'There Is a Law of the Labour Back Benches: If They Do It in Sweden, It Must Be All Right'; So What Is the Truth about the Scandinavians, So Often Held Up as Model Social Democrats? Anthony Giddens Hails the Swedes, Danes and Finns as True Followers of the Third Way, While Neil Clark (Overleaf) Finds the Last True Socialists in Norway
Giddens, Anthony, Clark, Neil, New Statesman (1996)
Imagine a country where the following changes have been (or are being) introduced by a centre-left government: choice of primary and secondary schools, along with decentralisation of the education system; choice in healthcare, along with foundation hospitals; welfare reform, geared to making the economy more competitive; conditional unemployment benefits; a drive to get single mothers into the labour force; more early-years childcare; a commitment to balanced budgets; an insistence that immigrants accept the host society's values; a bigger role for the private sector in pension provision.
The UK under new Labour? One might well think so, as this list accurately summarises much of new Labour's programme. But no, the country in question is Sweden, assumed by many to be the most "socialist" society in Europe.
It has been said that "there is a law of the Labour back benches which runs: if they do it in Sweden, it must be all right". Well, those backbenchers had better sit up and listen, because there are close parallels between the current programmes of new Labour and those of the Swedish social democrats--and of the centre left in other Nordic states.
The UK and Scandinavia in recent years (together with some other states, especially the Netherlands) have pursued a different path from the central European and Mediterranean countries, such as France, Germany and Italy. In the former, centre-left modernisation has been more extensive--and also more successful, as measured both by electoral criteria and by the effectiveness of national policies. Some say "modernisation" is an empty term. It is not. It means creating left-of-centre policies that allow more effective responses to the changes transforming contemporary societies. The Nordic social democrats, and new Labour in Britain, have been in the vanguard of such modernisation.
Indeed, ideological revisionism in Sweden preceded by some years Labour's reformulation of Clause Four. And certain Labour policies, such as active labour-market schemes or foundation hospitals, followed Scandinavian models. (The influence the other way round does not seem to have been as great.) Nordic social democracy remains robust not because it has resisted reform, but because it has embraced it.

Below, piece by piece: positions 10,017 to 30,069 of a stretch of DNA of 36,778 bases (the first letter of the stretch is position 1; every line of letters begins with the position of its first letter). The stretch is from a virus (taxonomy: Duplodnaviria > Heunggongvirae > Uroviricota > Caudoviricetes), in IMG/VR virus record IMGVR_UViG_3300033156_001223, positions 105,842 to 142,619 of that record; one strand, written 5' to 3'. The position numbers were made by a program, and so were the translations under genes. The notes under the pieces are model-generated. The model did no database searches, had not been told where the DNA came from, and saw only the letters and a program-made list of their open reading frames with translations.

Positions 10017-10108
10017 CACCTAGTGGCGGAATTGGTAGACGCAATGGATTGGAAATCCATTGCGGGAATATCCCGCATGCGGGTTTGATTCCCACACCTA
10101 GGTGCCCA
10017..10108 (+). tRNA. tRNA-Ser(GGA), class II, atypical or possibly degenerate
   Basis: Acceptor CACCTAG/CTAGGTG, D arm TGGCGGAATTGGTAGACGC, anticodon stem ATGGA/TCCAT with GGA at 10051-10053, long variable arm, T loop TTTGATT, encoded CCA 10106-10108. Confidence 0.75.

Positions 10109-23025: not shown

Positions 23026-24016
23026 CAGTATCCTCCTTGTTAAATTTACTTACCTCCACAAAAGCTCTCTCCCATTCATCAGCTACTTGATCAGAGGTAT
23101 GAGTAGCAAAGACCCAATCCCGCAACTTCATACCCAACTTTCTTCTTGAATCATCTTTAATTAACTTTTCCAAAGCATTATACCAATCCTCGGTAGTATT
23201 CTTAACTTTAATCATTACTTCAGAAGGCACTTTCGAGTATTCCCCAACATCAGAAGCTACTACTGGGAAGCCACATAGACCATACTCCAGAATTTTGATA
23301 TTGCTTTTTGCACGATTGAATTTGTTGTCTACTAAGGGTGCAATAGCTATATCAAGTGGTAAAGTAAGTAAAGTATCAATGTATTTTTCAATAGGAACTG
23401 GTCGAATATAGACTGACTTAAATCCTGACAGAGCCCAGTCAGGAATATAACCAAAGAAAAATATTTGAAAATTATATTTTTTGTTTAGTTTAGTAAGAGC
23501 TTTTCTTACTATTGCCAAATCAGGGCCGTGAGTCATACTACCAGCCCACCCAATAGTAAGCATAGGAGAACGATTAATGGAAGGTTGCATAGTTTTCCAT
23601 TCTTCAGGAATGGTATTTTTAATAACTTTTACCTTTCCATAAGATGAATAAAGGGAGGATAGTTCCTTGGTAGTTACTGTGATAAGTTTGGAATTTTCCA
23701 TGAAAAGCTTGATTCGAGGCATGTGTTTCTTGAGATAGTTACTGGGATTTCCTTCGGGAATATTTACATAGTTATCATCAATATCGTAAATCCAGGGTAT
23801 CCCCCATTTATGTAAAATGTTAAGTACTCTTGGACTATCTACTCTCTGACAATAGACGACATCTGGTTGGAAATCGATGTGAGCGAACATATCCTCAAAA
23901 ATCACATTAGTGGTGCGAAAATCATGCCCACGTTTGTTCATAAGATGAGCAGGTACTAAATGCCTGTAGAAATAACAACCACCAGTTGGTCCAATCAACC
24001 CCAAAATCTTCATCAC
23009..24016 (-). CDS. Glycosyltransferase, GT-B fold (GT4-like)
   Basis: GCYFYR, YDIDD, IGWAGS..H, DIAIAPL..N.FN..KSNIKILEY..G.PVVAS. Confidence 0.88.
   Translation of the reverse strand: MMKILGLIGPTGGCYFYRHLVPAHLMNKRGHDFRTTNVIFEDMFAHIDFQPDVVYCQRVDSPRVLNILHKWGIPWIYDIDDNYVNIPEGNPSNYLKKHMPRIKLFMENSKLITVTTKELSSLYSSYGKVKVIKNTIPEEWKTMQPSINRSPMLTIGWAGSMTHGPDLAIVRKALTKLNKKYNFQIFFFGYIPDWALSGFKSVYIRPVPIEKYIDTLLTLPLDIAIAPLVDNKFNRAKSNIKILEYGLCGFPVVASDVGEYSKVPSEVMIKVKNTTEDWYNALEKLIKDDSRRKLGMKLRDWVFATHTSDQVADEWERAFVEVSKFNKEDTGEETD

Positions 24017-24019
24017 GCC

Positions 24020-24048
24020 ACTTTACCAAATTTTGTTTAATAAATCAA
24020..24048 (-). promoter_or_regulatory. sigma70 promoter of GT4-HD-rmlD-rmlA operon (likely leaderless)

Though there are naturally differences between them--for instance, taxation takes a higher proportion of GDP in Sweden than in Finland--the Scandinavian social democracies have long shared certain characteristics. In contrast to the Beveridge model, which tends to target benefits upon those in greatest need, the Nordic welfare system has a wider range of universal programmes and benefits. The state is a major employer, particularly of women. The tax and benefits system redistributes substantially, with the result that income inequality is generally lower in Scandinavia than in almost all other parts of the European Union.
The system first came under strain in the late 1970s and then again in the early 1990s, when the Scandinavians faced serious economic problems, marked by financial crises and rises in unemployment. Between 1990 and 1993, Sweden's GDP declined by 5 per cent. Unemployment reached 8 per cent, an increase of 6.5 per cent in three years. There was no extended Thatcherite period in Scandinavia. However, right-wing parties, during short periods in government, introduced a number of reforms. These were at first resisted by the social democrats, but later extended and amplified by them--in the economy, education and healthcare.
Take Swedish schools. Up to the late 1980s, Swedish education was highly centralised. Central government controlled finance, overall educational goals and the curriculum. Yet over the next few years, the school system became one of the most decentralised in the EU. In 1992, education vouchers were introduced, allowing parents a free choice of schools. The vouchers represent up to 75 per cent of the per-student cost of the local state school and can be taken to any approved private school, whether profit-making or not, denominational or not. …